February 13, 2014
The People of the State of New York, respondent,
Michael Roscher, appellant. (Ind. No. 9888/10)
Lynn W. L. Fahey, New York, N.Y. (Casey Rose Scott of counsel), for appellant.
Kenneth P. Thompson, District Attorney, Brooklyn, N.Y.
(Leonard Joblove, Thomas M. Ross, and Bruce Alderman of counsel), for respondent.
RUTH C. BALKIN, J.P. CHERYL E. CHAMBERS PLUMMER E. LOTT SYLVIA O. HINDS-RADIX, JJ.
DECISION & ORDER
Appeal by the defendant from a judgment of the Supreme Court, Kings County (Garnett, J.), rendered June 11, 2012, convicting him of robbery in the first degree, robbery in the second degree (two counts), assault in the second degree, and criminal possession of stolen property in the fifth degree, upon a jury verdict, and imposing sentence.
ORDERED that the judgment is affirmed.
Contrary to the defendant's contention, the People laid a proper foundation pursuant to CPL 60.25 for third-party testimony regarding a complainant's prior identification of the defendant. That complainant testified that he had previously identified the defendant to the police shortly after an incident on November 7, 2010, but was unable to identify him as of the time of the trial in April 2012, a year-and-a-half later. On cross-examination, the complainant acknowledged that he did not get a good look at the perpetrators of the crime. On redirect examination, he claimed that, although the defendant looked "a little bit" like his assailant, "I really don't remember." The complainant's testimony provided a sufficient basis for the Supreme Court's finding that he lacked present recollection of the defendant, and thus, third-party testimony as to the complainant's prior identification was admissible (see CPL 60.25; People v Hernandez, 154 A.D.2d 197).
The defendant's contention that the evidence was legally insufficient to support his conviction of assault in the second degree and robbery in the second degree under Penal Law § 160.10(2)(a) because it did not establish that the element of physical injury was satisfied with respect to one of the complainants is unpreserved for appellate review (see CPL 470.05; People v Hawkins, 11 N.Y.3d 484, 491-492). In any event, viewing the evidence in the light most favorable to the prosecution (see People v Contes, 60 N.Y.2d 620), we find that it was legally sufficient to establish the defendant's guilt of those crimes beyond a reasonable doubt. Moreover, in fulfilling our responsibility to conduct an independent review of the weight of the evidence (see CPL 470.15; People v Danielson, 9 N.Y.3d 342), we nevertheless accord great deference to the jury's opportunity to view the witnesses, hear the testimony, and observe demeanor (see People v Mateo, 2 N.Y.3d 383, cert denied 542 U.S. 946; People v Bleakley, 69 N.Y.2d 490, 495). Upon reviewing the record here, we are satisfied that the verdict of guilt was not against the weight of the evidence (see People v Romero, 7 N.Y.3d 633).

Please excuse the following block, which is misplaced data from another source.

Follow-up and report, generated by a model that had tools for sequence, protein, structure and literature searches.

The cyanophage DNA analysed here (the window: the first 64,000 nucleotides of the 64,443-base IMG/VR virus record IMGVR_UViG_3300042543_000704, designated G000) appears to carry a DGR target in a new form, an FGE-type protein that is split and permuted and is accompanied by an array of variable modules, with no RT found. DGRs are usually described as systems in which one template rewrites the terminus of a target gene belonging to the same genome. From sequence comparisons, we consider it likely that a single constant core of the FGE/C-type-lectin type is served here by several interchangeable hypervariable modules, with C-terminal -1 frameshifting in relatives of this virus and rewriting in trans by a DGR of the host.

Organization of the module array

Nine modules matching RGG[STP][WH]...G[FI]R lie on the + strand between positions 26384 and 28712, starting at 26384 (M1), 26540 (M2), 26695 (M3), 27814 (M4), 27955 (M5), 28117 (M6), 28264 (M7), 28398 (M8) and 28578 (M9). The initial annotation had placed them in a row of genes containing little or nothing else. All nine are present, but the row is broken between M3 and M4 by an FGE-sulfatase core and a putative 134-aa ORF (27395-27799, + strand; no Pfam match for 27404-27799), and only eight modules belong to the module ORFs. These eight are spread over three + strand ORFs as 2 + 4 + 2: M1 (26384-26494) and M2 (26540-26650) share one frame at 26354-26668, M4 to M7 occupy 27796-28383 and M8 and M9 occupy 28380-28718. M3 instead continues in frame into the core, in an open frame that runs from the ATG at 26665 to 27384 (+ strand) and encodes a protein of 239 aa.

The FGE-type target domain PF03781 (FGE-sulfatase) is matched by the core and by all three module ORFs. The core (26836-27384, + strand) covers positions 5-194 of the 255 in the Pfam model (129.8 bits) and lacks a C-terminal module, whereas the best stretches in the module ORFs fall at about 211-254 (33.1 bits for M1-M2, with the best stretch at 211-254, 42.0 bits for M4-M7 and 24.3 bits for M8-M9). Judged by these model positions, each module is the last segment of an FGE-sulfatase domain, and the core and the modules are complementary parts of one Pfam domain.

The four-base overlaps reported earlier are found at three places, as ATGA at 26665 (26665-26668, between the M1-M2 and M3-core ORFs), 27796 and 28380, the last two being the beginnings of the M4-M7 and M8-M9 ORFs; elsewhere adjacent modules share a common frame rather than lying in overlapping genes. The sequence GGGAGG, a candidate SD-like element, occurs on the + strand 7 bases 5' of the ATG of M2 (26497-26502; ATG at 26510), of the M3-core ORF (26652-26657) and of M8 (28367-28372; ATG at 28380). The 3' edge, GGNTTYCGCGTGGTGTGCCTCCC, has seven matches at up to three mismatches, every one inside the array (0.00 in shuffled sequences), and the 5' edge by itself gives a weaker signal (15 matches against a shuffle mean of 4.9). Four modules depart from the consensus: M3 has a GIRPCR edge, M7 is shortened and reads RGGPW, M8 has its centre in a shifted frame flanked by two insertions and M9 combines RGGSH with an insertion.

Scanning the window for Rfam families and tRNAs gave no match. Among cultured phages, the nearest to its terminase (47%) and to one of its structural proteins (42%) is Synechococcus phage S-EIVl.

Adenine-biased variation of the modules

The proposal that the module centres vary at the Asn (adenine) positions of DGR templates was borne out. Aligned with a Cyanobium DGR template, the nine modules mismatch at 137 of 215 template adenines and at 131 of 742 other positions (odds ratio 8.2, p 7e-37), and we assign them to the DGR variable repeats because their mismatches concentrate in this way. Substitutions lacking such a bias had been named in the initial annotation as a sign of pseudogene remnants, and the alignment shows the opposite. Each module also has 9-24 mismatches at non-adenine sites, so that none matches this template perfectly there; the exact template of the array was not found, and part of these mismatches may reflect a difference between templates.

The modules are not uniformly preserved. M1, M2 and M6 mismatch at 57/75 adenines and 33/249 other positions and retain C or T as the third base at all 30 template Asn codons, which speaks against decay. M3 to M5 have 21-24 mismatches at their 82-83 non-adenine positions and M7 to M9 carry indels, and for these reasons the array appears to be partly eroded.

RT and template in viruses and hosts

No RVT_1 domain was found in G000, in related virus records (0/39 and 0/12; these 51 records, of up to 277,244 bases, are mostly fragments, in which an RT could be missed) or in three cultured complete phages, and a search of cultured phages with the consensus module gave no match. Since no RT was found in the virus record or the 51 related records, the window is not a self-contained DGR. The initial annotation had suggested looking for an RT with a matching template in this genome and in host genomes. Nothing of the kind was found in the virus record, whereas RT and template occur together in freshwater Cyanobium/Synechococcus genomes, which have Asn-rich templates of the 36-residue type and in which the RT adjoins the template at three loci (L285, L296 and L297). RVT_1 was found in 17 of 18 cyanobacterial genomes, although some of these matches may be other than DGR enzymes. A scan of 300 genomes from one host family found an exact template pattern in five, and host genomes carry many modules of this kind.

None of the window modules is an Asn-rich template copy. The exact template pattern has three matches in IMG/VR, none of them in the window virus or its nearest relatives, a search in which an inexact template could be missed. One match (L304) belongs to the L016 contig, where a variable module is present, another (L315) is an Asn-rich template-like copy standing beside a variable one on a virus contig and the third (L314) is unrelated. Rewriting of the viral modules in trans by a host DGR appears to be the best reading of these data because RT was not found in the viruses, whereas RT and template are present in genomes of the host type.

The defendant's contention that he was deprived of a fair trial by certain remarks made by the prosecutor during his opening statement and summation is mostly unpreserved for appellate review (see CPL 470.05; People v Romero, 7 N.Y.3d 911, 912; People v Barton, 110 A.D.3d 1089, 1089). In any event, most of the challenged remarks constituted a fair response to arguments made by defense counsel in summation, or constituted fair comment on the evidence (see People v Ashwal, 39 N.Y.2d 105, 109-110; People v Bartolomeo, 126 A.D.2d 375, 390). To the extent that some of the prosecutor's remarks were improper, those remarks did not deprive the defendant of a fair trial, and any other error in this regard was harmless, as there was overwhelming evidence of the defendant's guilt, and no significant probability that the error contributed to the defendant's conviction (see People v Crimmins, 36 N.Y.2d 230, 241-242; People v Barton, 110 A.D.3d 1089; People v Washington, 108 A.D.3d 781, 782).
BALKIN, J.P., CHAMBERS, LOTT and HINDS-RADIX, JJ., concur.